Sustainable agricultural investments : our results






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invested in the agricultural sector (June 2019), representing 23% of CAFI's portfolio



In the DRC, 8 provincial and 2 sectoral programmes are underway. In Gabon, a programme is under development to map out agricultural potential and to intensify of crop production.


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  • DRC: Launch of reform on sustainable management of agriculture
  • Gabon: no conversion of HCS/HCV forests for agricultural use (LoI)
  • Republic of Congo: Inter-ministerial Decree (2018) to orient agro-industrial activities over 5 ha in savannas


Agricultural activities in the Central African region have been predominantly linked to village agriculture, that mainly supplies local markets and nearby urban centers. This production often involves inefficient land practices as farmers lack access to capital and adequate risk-management mechanisms to sustainably increase yields.

To date, industrial agriculture has had limited impact on forest cover - with the exception of oil palm and rubber plantations, set up near large roads. Yet, due to growing local, regional and international demand and the increasing role of agro-business, commercial agriculture has and will have an increasing impact on forests in all CAFI countries. 


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In the DRC,  

the first objective of the Letter of Intent is to develop and implement, in a participatory and transparent manner, an agricultural policy that contributes to rural development and national food security while limiting the current and future impact on forests.  

To that effect, a sectoral programmes reform the agricultural policy was approved in 2017, and another to redirect agriculture towards savannahs is being elaborated.  

And already, CAFI-funded provincial integrated programmes seek, over the next 5 years, to: 

  • establish a 160,000 hectares of sustainable subsistence agriculture
  • plant 3,500 hectares of agroforestry
  • establish 25,650 hectares of cash crops
  • set aside 60,000 hectares for natural regeneration, that will help increase food productivity 


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In Gabon,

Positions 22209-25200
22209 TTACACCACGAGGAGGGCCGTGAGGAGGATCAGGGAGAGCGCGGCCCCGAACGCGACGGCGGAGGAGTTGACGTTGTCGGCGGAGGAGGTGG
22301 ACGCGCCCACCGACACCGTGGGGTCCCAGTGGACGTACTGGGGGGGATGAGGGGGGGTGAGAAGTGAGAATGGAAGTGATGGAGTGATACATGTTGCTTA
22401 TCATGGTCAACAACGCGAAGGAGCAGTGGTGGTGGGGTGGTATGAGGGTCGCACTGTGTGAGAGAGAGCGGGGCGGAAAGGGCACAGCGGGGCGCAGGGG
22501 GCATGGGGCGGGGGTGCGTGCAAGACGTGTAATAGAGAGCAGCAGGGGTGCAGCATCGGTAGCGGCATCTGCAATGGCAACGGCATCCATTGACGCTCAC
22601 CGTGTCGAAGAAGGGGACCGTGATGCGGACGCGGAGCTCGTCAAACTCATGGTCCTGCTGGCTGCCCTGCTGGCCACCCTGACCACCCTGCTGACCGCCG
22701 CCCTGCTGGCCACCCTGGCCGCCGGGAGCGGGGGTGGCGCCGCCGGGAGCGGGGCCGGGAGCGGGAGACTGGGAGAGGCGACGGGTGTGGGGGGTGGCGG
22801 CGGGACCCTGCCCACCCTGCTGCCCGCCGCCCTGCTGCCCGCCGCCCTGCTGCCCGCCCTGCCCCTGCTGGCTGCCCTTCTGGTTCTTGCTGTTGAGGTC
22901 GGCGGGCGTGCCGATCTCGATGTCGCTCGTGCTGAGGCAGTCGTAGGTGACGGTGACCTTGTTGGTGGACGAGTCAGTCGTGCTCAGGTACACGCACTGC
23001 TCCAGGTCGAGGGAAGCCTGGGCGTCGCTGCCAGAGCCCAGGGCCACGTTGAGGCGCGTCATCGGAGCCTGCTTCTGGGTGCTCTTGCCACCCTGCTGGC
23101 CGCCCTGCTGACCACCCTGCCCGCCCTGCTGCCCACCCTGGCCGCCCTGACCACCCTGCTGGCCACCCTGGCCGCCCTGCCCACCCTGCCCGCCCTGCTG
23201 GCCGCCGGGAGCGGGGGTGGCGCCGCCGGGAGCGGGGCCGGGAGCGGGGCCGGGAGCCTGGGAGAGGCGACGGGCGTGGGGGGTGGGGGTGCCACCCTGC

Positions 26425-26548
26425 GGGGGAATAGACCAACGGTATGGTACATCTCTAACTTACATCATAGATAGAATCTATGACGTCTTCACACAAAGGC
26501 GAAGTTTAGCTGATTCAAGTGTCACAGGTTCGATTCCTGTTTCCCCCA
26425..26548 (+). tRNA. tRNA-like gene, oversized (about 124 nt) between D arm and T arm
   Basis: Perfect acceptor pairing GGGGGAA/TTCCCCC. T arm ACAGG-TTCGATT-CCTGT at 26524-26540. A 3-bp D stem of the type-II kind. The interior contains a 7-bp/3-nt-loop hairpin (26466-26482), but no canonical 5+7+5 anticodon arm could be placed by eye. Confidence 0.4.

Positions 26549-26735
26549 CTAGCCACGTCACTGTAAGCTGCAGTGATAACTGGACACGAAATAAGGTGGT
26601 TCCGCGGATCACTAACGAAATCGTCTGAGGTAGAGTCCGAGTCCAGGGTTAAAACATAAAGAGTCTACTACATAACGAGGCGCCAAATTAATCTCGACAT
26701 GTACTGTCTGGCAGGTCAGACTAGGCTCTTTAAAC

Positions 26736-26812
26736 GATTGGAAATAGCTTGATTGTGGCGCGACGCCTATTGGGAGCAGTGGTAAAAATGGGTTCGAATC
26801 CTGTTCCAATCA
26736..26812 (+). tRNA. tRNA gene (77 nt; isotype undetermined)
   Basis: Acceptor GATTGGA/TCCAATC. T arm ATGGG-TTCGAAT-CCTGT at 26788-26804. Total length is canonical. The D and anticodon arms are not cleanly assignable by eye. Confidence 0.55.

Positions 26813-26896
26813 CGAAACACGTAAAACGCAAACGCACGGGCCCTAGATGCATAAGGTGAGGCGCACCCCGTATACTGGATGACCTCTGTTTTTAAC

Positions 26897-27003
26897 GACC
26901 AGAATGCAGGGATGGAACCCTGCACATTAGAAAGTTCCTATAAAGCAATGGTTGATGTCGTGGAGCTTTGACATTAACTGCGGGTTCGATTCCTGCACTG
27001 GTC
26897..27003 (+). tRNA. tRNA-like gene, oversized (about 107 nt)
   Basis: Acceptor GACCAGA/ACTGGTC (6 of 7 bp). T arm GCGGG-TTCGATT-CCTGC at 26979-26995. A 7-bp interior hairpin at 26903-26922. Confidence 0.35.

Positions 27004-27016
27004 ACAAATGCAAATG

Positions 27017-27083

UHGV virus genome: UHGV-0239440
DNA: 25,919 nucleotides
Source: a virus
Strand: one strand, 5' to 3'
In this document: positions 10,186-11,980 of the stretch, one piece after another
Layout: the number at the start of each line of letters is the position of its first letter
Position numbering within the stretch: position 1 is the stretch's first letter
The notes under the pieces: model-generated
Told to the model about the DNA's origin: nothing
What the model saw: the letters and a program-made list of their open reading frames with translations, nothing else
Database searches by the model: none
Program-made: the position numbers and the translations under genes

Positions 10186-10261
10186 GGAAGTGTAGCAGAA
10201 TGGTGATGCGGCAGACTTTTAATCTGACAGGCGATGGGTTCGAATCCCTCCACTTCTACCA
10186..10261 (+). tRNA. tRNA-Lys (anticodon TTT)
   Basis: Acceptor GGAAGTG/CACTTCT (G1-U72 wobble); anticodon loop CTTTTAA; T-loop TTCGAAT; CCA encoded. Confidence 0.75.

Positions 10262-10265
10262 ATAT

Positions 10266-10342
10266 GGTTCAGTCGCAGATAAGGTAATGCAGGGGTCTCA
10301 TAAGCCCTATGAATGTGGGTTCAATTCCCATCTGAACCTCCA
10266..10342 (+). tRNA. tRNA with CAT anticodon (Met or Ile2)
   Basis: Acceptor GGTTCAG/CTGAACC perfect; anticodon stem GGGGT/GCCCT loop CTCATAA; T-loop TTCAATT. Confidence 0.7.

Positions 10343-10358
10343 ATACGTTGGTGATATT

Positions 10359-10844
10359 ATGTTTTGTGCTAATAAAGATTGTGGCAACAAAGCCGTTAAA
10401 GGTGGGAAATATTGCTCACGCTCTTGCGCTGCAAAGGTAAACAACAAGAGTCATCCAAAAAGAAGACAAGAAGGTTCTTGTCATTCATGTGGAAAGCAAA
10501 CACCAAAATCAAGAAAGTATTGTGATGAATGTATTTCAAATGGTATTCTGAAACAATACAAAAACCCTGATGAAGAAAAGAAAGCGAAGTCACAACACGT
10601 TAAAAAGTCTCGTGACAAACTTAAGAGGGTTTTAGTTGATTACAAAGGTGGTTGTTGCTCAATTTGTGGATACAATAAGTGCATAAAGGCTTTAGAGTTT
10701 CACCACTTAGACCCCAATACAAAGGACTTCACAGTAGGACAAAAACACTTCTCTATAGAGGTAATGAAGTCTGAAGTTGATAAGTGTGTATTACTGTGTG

Gabon's National Investment Framework will help reduce emissions from the land use sector by 50% by 2025, with agricultural expansion avoiding as much as possible High Carbon Stocks (HCS) and High Conservation Value (HCV) forests. The NIF also seeks to reduce the share of imported agricultural products by increasing efficient subsistence agriculture.

The Letter of Intent signed between CAFI and Gabon requires, among other milestones, that

  • Gabon signs the Marrakech Declaration for Sustainable Oil Palm and adopts a National Action Plan
  • National guidelines and definitions are adopted to ensure that HCS and HCV forests will not be converted to other land uses
  • A policy on a carbon-neutral approach to the conversion of non-HCS/HCV forest to other land uses is developed and implemented

The CAFI-funded programme will produce a national land use plan that will precisely map the agricultural potential of lands for strategic crops such as hevea, coco and sugar cane, and complement existing studies for oil palm. Through this process, which areas are best for each commercial crop will become clearer. The National observation system, developed under the same programme, will monitor agricultural activities.  



The Republic of Congo's

development vision is to encourage economic diversification, first and foremost in the agricultural sector. To signal its commitment to ensure that this does not happen at the expense of forests, the Government has signed the Marrakesch Declaration and developed a related action plan.  

In order to preserve forest ecosystems, the republic of Congo National Investment Framework thus focuses on making savannahs more attractive for subsistence agriculture, and on establishing any new industrial agricultural concession in savannahs. In addition, measures will support specific production in forest areas, such as shade-grown- cocoa, and intensifying agroforestry production of manioc and bananas. To do so, an agricultural policy and regulations will be adopted.  

In Equatorial Guinea, a new study-  completed with CAFI's preparatory grant and FAO support - showed that despite a large potential, national agricultural production does not suffice to cover the population needs. As a result, the country imports over 80% of its food - at an increased cost for consumers. The study also shows that agriculture contributed to 4% of deforestation during the period 2004-2014 (making it the 2nd driver, but not taking roads into account), and represented 41% of forest degradation (with 40% due to subsistence agriculture and only 1% to intensive commercial agriculture).